LGBTQ+ Exhibition

Written by: Hannah Field | News Editor

The second traveling exhibition from the Stonewall National Museum & Archives has found a temporary home in the Hamersly Library at Western.

The exhibition, titled “Transcending Gender Bodies and Lives,” illustrates the stories of many LGBTQ+ figures and a timeline of gender identity across the globe. “Gay, lesbian, bisexual and transgender people have faced a long history of shared systematic oppression by gender and sexual norms,” said the exhibition’s description. “This exhibit examines ways that gender identity, gender expression and sexual orientation intersect.”

The LGBTQ2SIA+ Student Success Grant, awarded to Western in partnership with Central School District from the Oregon Department of Education, paved the way for the exhibition’s showing. 

In the exhibition, a timeline of events spanning from the 1700s to the modern age highlights the growing understanding and acceptance of transgender people alongside many other monumental moments. According to Grant Coordinator Melody Barrett, the timeline allows for viewers to “walk from the past to the present and read about individuals and events which have shaped and impacted the LGBTQ2SIA+ community, and specifically those who are transgender in a chronological way in American history.”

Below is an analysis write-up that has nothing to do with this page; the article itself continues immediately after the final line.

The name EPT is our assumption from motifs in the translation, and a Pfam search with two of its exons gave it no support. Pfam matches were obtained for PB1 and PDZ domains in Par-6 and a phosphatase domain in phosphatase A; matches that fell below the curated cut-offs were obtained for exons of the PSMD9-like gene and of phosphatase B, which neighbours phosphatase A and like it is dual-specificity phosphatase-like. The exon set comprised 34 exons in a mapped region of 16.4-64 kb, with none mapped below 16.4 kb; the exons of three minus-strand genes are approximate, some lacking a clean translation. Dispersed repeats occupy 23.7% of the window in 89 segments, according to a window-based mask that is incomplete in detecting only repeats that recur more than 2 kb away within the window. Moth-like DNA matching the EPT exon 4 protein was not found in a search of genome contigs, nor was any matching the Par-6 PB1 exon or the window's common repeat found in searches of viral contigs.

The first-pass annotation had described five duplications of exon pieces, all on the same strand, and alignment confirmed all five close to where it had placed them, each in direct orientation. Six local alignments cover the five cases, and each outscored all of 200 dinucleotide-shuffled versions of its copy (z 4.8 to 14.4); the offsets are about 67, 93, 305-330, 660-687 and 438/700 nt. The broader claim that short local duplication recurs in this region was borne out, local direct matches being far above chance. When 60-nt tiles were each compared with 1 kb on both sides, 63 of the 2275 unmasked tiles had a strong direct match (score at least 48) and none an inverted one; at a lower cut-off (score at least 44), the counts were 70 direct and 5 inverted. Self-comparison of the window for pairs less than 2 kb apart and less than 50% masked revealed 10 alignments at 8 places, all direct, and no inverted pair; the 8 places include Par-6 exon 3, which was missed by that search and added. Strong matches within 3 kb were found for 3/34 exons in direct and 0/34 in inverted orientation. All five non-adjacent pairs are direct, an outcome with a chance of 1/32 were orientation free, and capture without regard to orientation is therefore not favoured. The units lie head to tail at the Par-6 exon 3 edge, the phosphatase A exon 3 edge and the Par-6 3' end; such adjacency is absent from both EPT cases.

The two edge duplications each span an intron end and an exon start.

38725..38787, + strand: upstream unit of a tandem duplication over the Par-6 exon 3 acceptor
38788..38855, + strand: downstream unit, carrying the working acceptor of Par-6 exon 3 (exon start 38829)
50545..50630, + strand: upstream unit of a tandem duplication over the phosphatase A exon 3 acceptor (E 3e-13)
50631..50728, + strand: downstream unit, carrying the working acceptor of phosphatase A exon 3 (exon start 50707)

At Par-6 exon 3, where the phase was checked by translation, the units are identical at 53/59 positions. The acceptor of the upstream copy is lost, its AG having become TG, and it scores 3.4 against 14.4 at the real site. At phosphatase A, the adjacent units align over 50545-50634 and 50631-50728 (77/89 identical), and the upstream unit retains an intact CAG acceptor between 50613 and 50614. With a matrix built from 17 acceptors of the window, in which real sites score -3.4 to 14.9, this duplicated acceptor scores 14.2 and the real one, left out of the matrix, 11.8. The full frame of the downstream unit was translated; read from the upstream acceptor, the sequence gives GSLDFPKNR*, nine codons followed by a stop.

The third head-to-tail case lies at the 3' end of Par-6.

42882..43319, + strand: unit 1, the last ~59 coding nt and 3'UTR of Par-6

One section of the exhibition, titled “The Teachable Moment,” explores the duality of increased acceptance but a continued lack of awareness. “The increased visibility of transgender people in the media has made wins in educating the public. However, beneath the stories of success and recognition, there remains an epidemic of serious issues in the lives of many trans people, including housing and job discrimination, poverty, HIV infection, drug abuse and suicide.”

“As gender expression, sexual identity and a sense of community are very important facets of LGBTQIA+ culture, the exploration of our similarities and differences can teach us how to support one another so that we may live our lives truly, and safely,” said the exhibition.

“By bringing these exhibitions to campus, our goal is to share, educate and expand understanding of gender diversity, expression and identity,” said Barrett.

The exhibition can be found in the main lobby of the Hamersly Library with a secondary LGBTQ+ exhibit found on the second floor.

Contact the author at